By the way...when recording the LP that contained both of his Hot 100 singles, Foster Sylvers was 11 years old.
Jim Croce - "I Got a Name"
(Debuted #76, Peaked #10, 17 Weeks on the Chart)
I was 17 years old. I had just graduated from high school and was waiting for the day I was supposed to report for Army basic training. That summer, I picked up some LPs at a yard sale cheaply and one was Jim Croce's I Got a Name. I had been familiar with the title song but at that point in my life -- just as I was about to set off on my own -- the lyrics definitely resonated with me. In a way, Jim Croce was explaining with words and an acoustic guitar exactly how I was feeling.
For Jim Croce, the song was a reminder of just how short life can be. As his song was appearing on the charts, his fans were learning the sad news of his death in a plane crash on September 27th. He was 30 years old. As a title, "I Got a Name" was striking considering the fact he had passed. The song would reach #10, the LP would top out at #2 and another prophetic tune ("Time in a Bottle," from the earlier LP You Don't Mess Around With Jim) would become the third posthumous #1 single in Billboard's rock era.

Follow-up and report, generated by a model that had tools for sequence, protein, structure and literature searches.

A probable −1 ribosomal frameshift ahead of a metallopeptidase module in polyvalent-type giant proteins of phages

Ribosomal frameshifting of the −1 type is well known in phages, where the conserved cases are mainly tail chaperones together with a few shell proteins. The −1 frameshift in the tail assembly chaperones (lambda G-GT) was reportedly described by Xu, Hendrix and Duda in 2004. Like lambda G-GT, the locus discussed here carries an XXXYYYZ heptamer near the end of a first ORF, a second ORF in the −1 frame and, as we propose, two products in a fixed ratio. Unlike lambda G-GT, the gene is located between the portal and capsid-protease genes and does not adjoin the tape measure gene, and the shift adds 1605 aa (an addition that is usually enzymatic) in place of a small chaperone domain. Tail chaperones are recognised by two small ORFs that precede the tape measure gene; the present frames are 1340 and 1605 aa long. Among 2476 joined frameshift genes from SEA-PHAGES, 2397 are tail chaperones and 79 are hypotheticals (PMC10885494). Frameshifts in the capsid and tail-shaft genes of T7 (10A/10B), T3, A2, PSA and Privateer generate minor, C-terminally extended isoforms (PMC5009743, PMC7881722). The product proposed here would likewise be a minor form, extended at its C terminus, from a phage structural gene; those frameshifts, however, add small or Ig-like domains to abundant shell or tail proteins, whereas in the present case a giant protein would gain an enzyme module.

While it will never be known how many more hits Jim Croce had in him, the body of work he left in his few LPs displayed a versatility and understanding that still sounds real even after many years have gone by. It's something that hit me as a 17-year old who was hoping the road I was about to travel would lead me toward a better place. "I Got a Name" is timeless in that regard.
Betty Wright - "Let Me Be Your Lovemaker"
(Debuted #98, Peaked #55, 6 Weeks on the Chart)
Betty Wright is best known for "Clean Up Woman," a song she recorded at the age of 18 but was memorable because of a guitar lick played by another young prodigy, Ray Parker, Jr. With "Let Me Be Your Lovemaker," she was still looking for the next hit that would return her to the Top 40. This wouldn't be the one; it peaked at #55 and only managed five weeks on the survey. It was more subdued than her earlier hit, with more muted instrumentation in the background.
Donna Fargo - "Little Girl Gone"
(Debuted #93, Peaked #57, 10 Weeks on the Chart)
Another artist trying to find her way back to earlier heights was Donna Fargo. After two big pop hits in '72-'73 ("The Happiest Girl in the Whole U.S.A." and "Funny Face"), she hadn't been able to break the pop Top 40. While she never did make it, she was still successful on the country chart throughout the 1970s, with 6 #1 hits. "Little Girl Gone" stalled at #57 on the pop side but reached #2 country. In fact, Donna Fargo was one of the few female country artists to sustain crossover success on the pop side as well as one of even fewer to write her own material.